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Excellent location — rated 9. Lock in a great price for Casa Minotti — rated 9. Enter dates to get started. Ronald, Netherlands. Maurizia, Italy. Silvia, Italy. Alessandra, Brazil. Brigitta, Germany. Giorgia, Italy. Stefano, Italy. Gerhard, Germany. Mauro, Italy. Paolo, Italy. One of our top picks in Gubbio. Located in Gubbio, Casa Minotti has accommodations with free WiFi, air conditioning and access to a garden with an outdoor swimming pool. Some of the units have cable flat-screen TV, a fully equipped kitchenette with a fridge, and a private bathroom with a bath and a a hair dryer.

Guests at the farm stay can enjoy a buffet or an American breakfast. The restaurant at Casa Minotti specializes in Italian cuisine. The nearest airport is Sant'Egidio, 31 miles from the accommodation, and the property offers a Airport shuttle additional charge. Couples in particular like the location — they rated it 9. This property is also rated for the best value in Gubbio! Guests are getting more for their money when compared to other properties in this city. Casa Minotti has been welcoming Booking. We're sorry, but there was an error submitting your comment. Please try again. Good for couples — they rated the facilities 9.

Italian, Vegetarian, Gluten-free, American, Buffet. Perfect Coffee! Free parking. Sorry — there was an error submitting your response. Rooms fully equipped, great home made diner and breakfast. Really enjoyed our s Prices you can't beat! WiFi is available in all areas and is free of charge. Free public parking is available at a location nearby reservation is not needed. It looks like something went wrong submitting this. Try again? Cancellation and prepayment policies vary according to accommodations type.

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Please enter the dates of your stay and check what conditions apply to your preferred room. The maximum number of extra beds, cribs, and children allowed in existing beds depends on the room you pick. Double-check your selected room for the maximum capacity. Age restriction. Cards accepted at this property. Casa Minotti accepts these cards and reserves the right to temporarily hold an amount prior to arrival.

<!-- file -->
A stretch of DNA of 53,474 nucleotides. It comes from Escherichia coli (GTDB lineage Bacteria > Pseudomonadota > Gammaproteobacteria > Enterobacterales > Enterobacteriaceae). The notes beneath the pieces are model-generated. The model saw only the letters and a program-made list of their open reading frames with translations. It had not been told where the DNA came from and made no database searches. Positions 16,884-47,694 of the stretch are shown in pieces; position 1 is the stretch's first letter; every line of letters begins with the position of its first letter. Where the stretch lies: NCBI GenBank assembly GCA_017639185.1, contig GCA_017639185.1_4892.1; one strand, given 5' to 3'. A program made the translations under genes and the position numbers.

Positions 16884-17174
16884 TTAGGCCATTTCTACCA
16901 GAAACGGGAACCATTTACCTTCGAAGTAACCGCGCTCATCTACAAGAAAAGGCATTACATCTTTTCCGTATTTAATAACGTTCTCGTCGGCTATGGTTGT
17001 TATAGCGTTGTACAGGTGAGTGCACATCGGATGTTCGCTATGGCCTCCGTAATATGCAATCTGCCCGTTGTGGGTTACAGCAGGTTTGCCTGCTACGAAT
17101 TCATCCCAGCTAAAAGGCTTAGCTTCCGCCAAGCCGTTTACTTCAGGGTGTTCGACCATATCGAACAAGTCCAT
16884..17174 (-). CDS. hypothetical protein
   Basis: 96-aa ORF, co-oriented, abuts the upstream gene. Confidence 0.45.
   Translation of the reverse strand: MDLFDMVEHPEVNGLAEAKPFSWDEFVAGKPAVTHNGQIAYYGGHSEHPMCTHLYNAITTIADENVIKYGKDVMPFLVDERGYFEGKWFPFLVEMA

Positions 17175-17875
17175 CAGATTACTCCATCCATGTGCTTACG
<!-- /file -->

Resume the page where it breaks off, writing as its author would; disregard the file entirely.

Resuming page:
Real stays. Real opinions. Read more. There was a problem loading the reviews. Try again. Open your list. Really enjoyed our stay would recommend to everyone who enjoys great views, relaxing and warm hospitality. Alles sehr liebevoll gestaltet. Kommen gerne wieder. Struttura ristrutturata di recente con molto buon gusto. Camera estremamente accogliente. La proprietaria e lo staff sono stati molto gentili e disponibili. Colazione ottima. Top location with amazing view, beautiful garden and very warm and kind staff.

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Colazione ottima e abbondante Un grazie particolare alla signora Oda e a tutto il personale con la speranza di tornarci Paolo, Italy. Staff 9. Previous image of the property Next image of the property. Image of the property Image of the property Image of the property Image of the property Image of the property Image of the property Image of the property Image of the property Image of the property Image of the property Image of the property Image of the property Image of the property Image of the property Image of the property Image of the property Image of the property Image of the property Image of the property Image of the property Image of the property Image of the property Image of the property Image of the property Image of the property Image of the property Image of the property Image of the property Image of the property Image of the property Image of the property Image of the property Image of the property Image of the property Image of the property Image of the property Image of the property Image of the property Image of the property Image of the property Image of the property Image of the property Image of the property Image of the property Image of the property.